"A witch…a good witch." - Hannan
"[A] costume designer. Eclectic style." - Ceo
"I'm the worst. I always leave it until the last minute. Probably something sexy and bloody..." - Puisto
8. My favorite kind of costume to design is...
"One in which you can see the complexity of the character in the elements of costume." - Hannan
"Period clothing. On 'The Originals' we often go to flashbacks. Most recently, 12th century." - Ceo
"I love them all. Fantasy costumes are always fun. I did some futuristic ones back in my music video days. And I love the 60's and 70's eras." - Puisto
9. The moment I felt the most successful as a costume designer, was when...
"A director told me she took my advice and changed the ending of her script. I spoke to her about the resolve of some of the characters and she went with it. This picture was nominated for a Golden Globe for Best Screen Play. When you are a designated creative on a picture the collaboration is vital. Sometimes a director can ask for your advice on other elements of the picture outside of your job description. To achieve excellence in costume design it is important to be aware and conscious of the total picture." - Hannan
"I look through the set monitor behind the director. And magic happens." - Ceo
"I worked with Michael Douglas. I really felt like I had made it. Me, the little girl from Finland, dressing a Hollywood icon! WOW!" - Puisto
Mary Claire Hannan
Costume designer Mary Claire Hannan is an auteur director’s darling, with the ability to translate filmmakers’ perspectives into stylish, daring, trendy or dramatic wardrobes. She began her career working for Quentin Tarantino and has gone on to design for filmmakers with singular visions, including Sean Penn, Michael Cuesta and Lisa Cholodenko. Her most recent costume designs can be seen in Paper Towns, the adaptation of the best-selling novel by John Green, starring Nat Wolff and Cara Delevingne, The Fault in Our Stars, based off of another best-selling novel by Green for director Josh Boone, starring Shailene Woodley and Ansel Elgort, and Nicholas Sparks’ adaptation The Longest Ride starring Britt Robertson and Scott Eastwood.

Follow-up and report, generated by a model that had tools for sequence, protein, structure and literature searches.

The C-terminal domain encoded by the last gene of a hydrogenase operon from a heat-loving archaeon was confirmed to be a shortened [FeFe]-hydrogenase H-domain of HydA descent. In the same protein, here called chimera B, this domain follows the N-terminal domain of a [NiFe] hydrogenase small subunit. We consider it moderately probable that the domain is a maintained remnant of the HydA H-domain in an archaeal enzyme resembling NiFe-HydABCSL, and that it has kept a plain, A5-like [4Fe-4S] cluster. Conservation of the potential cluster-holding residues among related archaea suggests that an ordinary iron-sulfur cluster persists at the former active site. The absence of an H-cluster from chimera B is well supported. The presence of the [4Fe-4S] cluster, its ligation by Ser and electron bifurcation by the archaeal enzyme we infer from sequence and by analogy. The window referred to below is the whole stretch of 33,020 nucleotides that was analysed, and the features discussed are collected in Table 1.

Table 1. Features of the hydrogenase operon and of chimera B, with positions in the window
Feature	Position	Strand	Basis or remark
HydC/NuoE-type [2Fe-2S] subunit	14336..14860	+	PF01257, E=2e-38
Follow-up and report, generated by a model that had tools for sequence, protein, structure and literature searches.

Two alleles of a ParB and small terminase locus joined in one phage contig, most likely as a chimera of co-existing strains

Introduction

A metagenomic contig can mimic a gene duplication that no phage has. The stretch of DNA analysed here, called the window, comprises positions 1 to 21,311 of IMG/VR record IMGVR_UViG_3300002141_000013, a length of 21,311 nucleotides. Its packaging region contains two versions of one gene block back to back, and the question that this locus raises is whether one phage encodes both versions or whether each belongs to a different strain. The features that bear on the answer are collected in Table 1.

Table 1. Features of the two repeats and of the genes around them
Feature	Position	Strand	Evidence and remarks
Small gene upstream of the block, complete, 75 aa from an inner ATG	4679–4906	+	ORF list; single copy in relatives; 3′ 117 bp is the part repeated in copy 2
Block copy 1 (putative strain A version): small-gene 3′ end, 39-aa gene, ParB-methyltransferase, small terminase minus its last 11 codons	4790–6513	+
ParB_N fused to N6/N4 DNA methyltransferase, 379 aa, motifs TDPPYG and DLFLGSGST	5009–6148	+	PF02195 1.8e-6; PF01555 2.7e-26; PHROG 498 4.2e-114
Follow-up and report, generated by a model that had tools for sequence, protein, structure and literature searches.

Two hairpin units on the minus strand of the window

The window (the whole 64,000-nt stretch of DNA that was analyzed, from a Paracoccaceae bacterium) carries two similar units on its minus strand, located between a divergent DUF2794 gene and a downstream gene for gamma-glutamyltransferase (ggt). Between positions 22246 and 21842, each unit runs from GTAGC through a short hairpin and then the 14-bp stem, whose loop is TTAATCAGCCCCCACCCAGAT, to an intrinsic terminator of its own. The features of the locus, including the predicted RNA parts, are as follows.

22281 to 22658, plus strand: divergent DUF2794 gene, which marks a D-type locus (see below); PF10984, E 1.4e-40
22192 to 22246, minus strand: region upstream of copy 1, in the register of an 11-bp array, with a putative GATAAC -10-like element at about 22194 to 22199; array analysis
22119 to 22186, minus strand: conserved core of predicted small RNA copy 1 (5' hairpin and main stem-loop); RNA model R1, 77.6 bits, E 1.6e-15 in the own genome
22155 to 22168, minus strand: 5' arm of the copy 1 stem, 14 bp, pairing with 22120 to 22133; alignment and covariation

Nancea Ceo is a costume designer whose work ethic, research skills, life experience and superior comprehension of the screenwriter's vision informs all her designs. Her recent design credits include the dark high school series for ABC Family Twisted from creator Adam Milch, Some Girl(s) directed by Daisy von Scherler Mayer from a script by Neil LaBute, “The Proposition,” a segment for Movie 43 starring Anna Faris, and the 2010 CDG Award winner Crazy Heart starring Jeff Bridges, where she provided assistant costume design. Currently, Ceo is dressing the cast of The Originals, a spin-off from The CW’s hit show The Vampire Diaries.
Susanna designed costumes for director Chris Eyre’s Hide Away, Renny Harlin’s Cleaner, Peter Hyams’ Beyond a Reasonable Doubt and Greg Araki’s Splendor. Her credits also include MacGruber, Dumb and Dumber: When Harry Met Lloyd, and more recently From the Rough with Taraji P. Henson and Tom Felton. In television, her credits include Reckless, Body of Proof, How I Met Your Mother and Buffy the Vampire Slayer. She just wrapped the series Hand of God for Amazon where she designed costumes for Dana Delaney.